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RESULTS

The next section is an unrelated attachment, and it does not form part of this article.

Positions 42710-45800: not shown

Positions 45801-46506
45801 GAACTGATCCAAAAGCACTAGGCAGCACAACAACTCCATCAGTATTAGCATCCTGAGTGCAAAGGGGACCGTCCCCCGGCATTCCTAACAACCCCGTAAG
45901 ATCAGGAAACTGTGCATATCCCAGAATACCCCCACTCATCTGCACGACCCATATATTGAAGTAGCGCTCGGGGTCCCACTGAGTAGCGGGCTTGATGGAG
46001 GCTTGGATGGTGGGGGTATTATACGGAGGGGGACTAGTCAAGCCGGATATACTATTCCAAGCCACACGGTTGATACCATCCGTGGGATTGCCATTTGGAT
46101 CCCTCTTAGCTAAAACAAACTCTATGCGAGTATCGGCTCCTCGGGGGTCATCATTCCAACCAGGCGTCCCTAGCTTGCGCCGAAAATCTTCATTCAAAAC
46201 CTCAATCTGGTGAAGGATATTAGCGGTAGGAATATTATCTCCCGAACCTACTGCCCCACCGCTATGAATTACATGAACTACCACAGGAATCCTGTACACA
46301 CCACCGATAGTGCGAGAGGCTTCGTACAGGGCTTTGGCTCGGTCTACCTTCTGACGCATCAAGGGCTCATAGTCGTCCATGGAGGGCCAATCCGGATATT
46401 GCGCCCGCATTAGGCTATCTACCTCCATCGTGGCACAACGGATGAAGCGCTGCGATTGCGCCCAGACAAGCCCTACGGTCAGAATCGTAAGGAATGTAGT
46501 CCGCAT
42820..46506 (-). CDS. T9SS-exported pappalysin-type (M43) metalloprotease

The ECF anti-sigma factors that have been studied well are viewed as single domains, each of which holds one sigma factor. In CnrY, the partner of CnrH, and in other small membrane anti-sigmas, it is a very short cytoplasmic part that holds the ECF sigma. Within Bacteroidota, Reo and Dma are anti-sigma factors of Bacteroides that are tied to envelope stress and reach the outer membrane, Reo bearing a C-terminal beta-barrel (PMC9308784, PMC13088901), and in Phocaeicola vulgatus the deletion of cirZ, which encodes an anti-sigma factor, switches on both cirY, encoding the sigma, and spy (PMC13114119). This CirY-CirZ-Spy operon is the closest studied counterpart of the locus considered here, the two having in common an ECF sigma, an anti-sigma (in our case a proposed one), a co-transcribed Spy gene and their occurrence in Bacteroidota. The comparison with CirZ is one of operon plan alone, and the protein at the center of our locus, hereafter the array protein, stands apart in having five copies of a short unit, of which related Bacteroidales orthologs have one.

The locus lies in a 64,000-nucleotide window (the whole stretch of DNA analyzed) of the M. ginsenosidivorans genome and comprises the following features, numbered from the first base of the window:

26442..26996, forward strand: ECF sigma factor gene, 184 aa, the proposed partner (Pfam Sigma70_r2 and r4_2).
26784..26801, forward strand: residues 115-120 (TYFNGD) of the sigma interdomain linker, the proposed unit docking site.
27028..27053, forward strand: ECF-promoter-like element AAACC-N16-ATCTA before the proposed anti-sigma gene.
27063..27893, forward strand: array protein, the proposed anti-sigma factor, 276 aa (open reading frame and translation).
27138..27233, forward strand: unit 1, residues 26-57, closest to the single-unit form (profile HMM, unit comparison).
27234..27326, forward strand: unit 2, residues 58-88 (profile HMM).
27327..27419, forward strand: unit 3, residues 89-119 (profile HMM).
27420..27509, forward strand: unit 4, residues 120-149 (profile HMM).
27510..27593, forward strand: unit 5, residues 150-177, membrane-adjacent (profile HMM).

Subjects. All subjects were healthy, young (25.7 ⫾ 1.1 years), normal weight (body mass index ⫽ 22.7 ⫾ 0.4 kg/m2) males with normal baseline lung function (Table 1) and cardiorespiratory fitness (Table 2). By design, CWS decreased SVC and forced vital capacity (FVC) by 21.6 ⫾ 0.5% and 20.3 ⫾ 1.0%, respectively. These changes were accompanied by significant reductions in forced expiratory volume in 1 s (FEV1) and in peak and midmaximal expiratory flow rates (Table 1). The reduction in FEV1 with CWS was directly proportional to the fall in FVC, as evidenced by relative preservation of the FEV1/FVC ratio (Table 1). Physiological responses to exercise. Compared with CTRL, exercise performance was modestly but significantly reduced with CWS (Table 2). Exercise endurance time and the peak work rate achieved during CPET fell by 0.80 ⫾ 0.19 min and 10.0 ⫾ 3.3 watts, respectively (both p ⱕ 0.008). As illustrated in Fig. 1, CWS had no demonstrable effect on the cardiometabolic response to progressive exercise. Apart from a significant decrease in peak VE (by 12.9 ⫾ 4.7 L/min, P ⫽ 0.01), CWS had no effect on the VE-work rate relationship during progressive exercise (Table 2, Fig. 2A). CWS-induced reductions in SVC and FVC were associated with increased dynamic mechanical constraints on VT expansion and tachypnea during exercise: VT%VC and fR were significantly higher, while VT, IC, and IRV were significantly lower at any given work rate throughout much of exercise with vs. without CWS (Table 2, Fig. 2). As illustrated in Fig. 2E, CWS had no significant effect on the behavior of dynamic IC during exercise: IC increased by 0.37 ⫾ 0.07 L vs. 0.34 ⫾ 0.10 L (P ⫽ 0.840) from rest to end-exercise with vs. without CWS, respectively (Table 2). It follows that CWS-induced reductions in VT expansion during exercise could be largely accounted for by simultaneous reductions in dynamic IRV (Fig. 2F). Mean values of EMGdi max were not significantly different with vs. without CWS: 222.8 ⫾ 16.0 ␮V vs. 199.7 ⫾ 11.9 ␮V, respectively (P ⫽ 0.070). Similarly, mean values of EMGdi and of peak inspiratory Pes obtained during serial IC maneuvers performed at rest, within the last 30 s of every 2-min stage Table 1. Effect of external thoracic restriction by chest wall strapping on baseline pulmonary function test parameters Parameter